Today's the Day



Andrew Rawnsley (1993)

Martyn Lewis (1993-99)


Announcer: Penny Smith


Mentorn Films and BBC North for BBC2, 12 July 1993 to 12 March 1999 (753 episodes)


Basic general knowledge/history quiz, with all the questions and answers having a reference to the day the show was being broadcast. Two teams of two (of different generations) competed each day, with the top prize for the series two round-the-world tickets. This prize was mentioned at least twice in each programme.

File:Todays the day martyn lewis board.jpgHost Martyn Lewis in front of the Today's the Day video wall

There were two parts of the show. The first part was when two new teams battled it out. Rounds included 'Stop the Clip', a question was asked with the clues in footage, and the quicker they buzzed in and stopped the piece of film, the more points they scored if they answered correctly. There was a TV round where teams were asked questions on classic television on that day, and the obligatory quickfire buzzer round.

The second half of the show saw the winners of the first half meet the champions of the day before. This was their chance to get on the leaderboard for a chance at the Grand Final. The first round in the final was the Video Wall, where eight different clips were worth varying amount of points, the teams taking alternate picks. If they got an answer wrong it was thrown over to the other side. The second round was the One-Minute Quick-Fire round, with ten points per answer. Daily winners came back on the next programme (unless they'd won five programmes, in which case they were retired so that someone else could win), and everyone who took part won a paper that was printed on the day that they were born.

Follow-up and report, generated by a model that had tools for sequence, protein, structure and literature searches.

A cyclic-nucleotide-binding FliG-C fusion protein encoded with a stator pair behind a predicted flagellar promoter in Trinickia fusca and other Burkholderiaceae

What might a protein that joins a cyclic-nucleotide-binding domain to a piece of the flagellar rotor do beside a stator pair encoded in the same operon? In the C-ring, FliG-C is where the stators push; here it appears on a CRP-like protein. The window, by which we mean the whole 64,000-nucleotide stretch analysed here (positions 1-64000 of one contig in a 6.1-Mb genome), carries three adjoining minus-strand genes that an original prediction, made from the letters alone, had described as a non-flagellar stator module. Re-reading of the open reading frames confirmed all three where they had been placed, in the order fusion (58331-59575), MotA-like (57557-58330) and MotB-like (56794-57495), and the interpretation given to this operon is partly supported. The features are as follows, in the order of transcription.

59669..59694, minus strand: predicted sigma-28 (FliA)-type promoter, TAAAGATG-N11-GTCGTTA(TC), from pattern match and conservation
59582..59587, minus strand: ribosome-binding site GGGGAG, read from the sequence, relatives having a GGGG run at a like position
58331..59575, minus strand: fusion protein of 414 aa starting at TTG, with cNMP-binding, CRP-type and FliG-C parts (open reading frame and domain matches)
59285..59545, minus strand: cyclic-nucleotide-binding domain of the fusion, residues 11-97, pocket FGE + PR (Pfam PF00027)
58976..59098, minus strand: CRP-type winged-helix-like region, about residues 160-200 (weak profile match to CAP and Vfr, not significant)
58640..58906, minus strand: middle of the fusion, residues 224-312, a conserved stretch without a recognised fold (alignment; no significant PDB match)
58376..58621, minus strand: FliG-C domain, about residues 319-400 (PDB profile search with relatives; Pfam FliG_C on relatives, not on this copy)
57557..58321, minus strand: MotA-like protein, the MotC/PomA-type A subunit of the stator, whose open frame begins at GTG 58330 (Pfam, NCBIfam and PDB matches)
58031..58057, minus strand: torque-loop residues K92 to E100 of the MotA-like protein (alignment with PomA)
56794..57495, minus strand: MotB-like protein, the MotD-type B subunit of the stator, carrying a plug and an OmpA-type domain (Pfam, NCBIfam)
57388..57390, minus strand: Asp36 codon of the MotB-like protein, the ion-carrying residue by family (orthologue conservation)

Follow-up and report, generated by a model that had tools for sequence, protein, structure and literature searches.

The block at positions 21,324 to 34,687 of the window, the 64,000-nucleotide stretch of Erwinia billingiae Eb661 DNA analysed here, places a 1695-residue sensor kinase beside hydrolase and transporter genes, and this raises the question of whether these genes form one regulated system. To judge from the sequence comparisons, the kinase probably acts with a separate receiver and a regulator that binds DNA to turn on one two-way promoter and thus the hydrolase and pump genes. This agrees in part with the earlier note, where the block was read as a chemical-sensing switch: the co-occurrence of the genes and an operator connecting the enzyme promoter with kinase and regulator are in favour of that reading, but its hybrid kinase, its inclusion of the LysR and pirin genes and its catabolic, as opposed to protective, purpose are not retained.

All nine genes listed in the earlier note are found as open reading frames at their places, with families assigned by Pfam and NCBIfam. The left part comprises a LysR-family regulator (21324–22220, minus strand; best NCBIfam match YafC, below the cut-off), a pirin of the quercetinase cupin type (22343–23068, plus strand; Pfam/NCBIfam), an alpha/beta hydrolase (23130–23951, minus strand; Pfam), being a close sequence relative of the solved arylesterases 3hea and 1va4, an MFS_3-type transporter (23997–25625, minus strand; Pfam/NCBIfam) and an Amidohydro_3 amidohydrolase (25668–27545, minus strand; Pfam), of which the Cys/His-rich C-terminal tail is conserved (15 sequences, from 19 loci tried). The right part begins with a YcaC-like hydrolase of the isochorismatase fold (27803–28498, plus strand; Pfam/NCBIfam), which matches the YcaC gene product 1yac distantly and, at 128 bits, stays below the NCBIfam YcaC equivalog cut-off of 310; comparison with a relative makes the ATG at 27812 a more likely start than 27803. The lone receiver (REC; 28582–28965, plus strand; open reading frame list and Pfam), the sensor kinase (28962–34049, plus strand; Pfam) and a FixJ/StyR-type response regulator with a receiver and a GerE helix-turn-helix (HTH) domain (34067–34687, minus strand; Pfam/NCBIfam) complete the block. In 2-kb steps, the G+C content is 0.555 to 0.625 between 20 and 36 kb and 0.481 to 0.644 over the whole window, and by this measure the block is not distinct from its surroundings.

File:Todays the day contender video board.jpgUnsuccessful Mastermind contender Arfor Wyn Hughes scoring big points

The highest scores in a daily final came back at the end of the series to compete in a knock-out competition, to determine who won the trip for two around the world. The two halves of the programme were separated by a viewers' competition, for a book or cash prize and entry into a draw at the end of the series to win a trip for two around the world.

This show was originally commissioned as a six episode pilot run for two weeks during the summer of 1993 in the 5pm teatime slot and was hosted by Andrew Rawnsley, a political pundit who writes for The Guardian. It was well received and was given an extended run in November 1993 right up until Christmas, but Andrew was replaced by BBC newsreader Martyn Lewis whose gentle-natured style of hosting became very popular. In January 1994, Today's the Day swapped timeslots with Catchword, which meant that Today's the Day now aired at 4pm. (Why not 4.30? Countdown was unstoppable.)

However in April 1997, the revival of Blockbusters shoved Today's the Day to a later slot of 5.30pm, so it now went head to head with a teatime repeat of Neighbours on BBC1. The competition leaderboard was abolished after the final in April 1998. A new format was tried the following month, a member of a former champion team paired with a celebrity, but the viewers had had their fill of nostalgia questions with a tenuous link to this date in history. Today's the Day slipped gracefully off our screens in March 1999.

This was a quiz-by-numbers, but it was pleasant and quite cosy and did what it did quite well. Channel 4 attempted to capture the same nostalgia zeitgeist with the markedly less successful Backdate.


There was also a spin-off on BBC Radio 2, where Martyn Lewis played news and entertainment clips from the archives, and talked to some of the people featured.



Today's the Day

by Martyn Lewis

Web links

Wikipedia entry

See also

Weaver's Week review


The 1997 Christmas Special.


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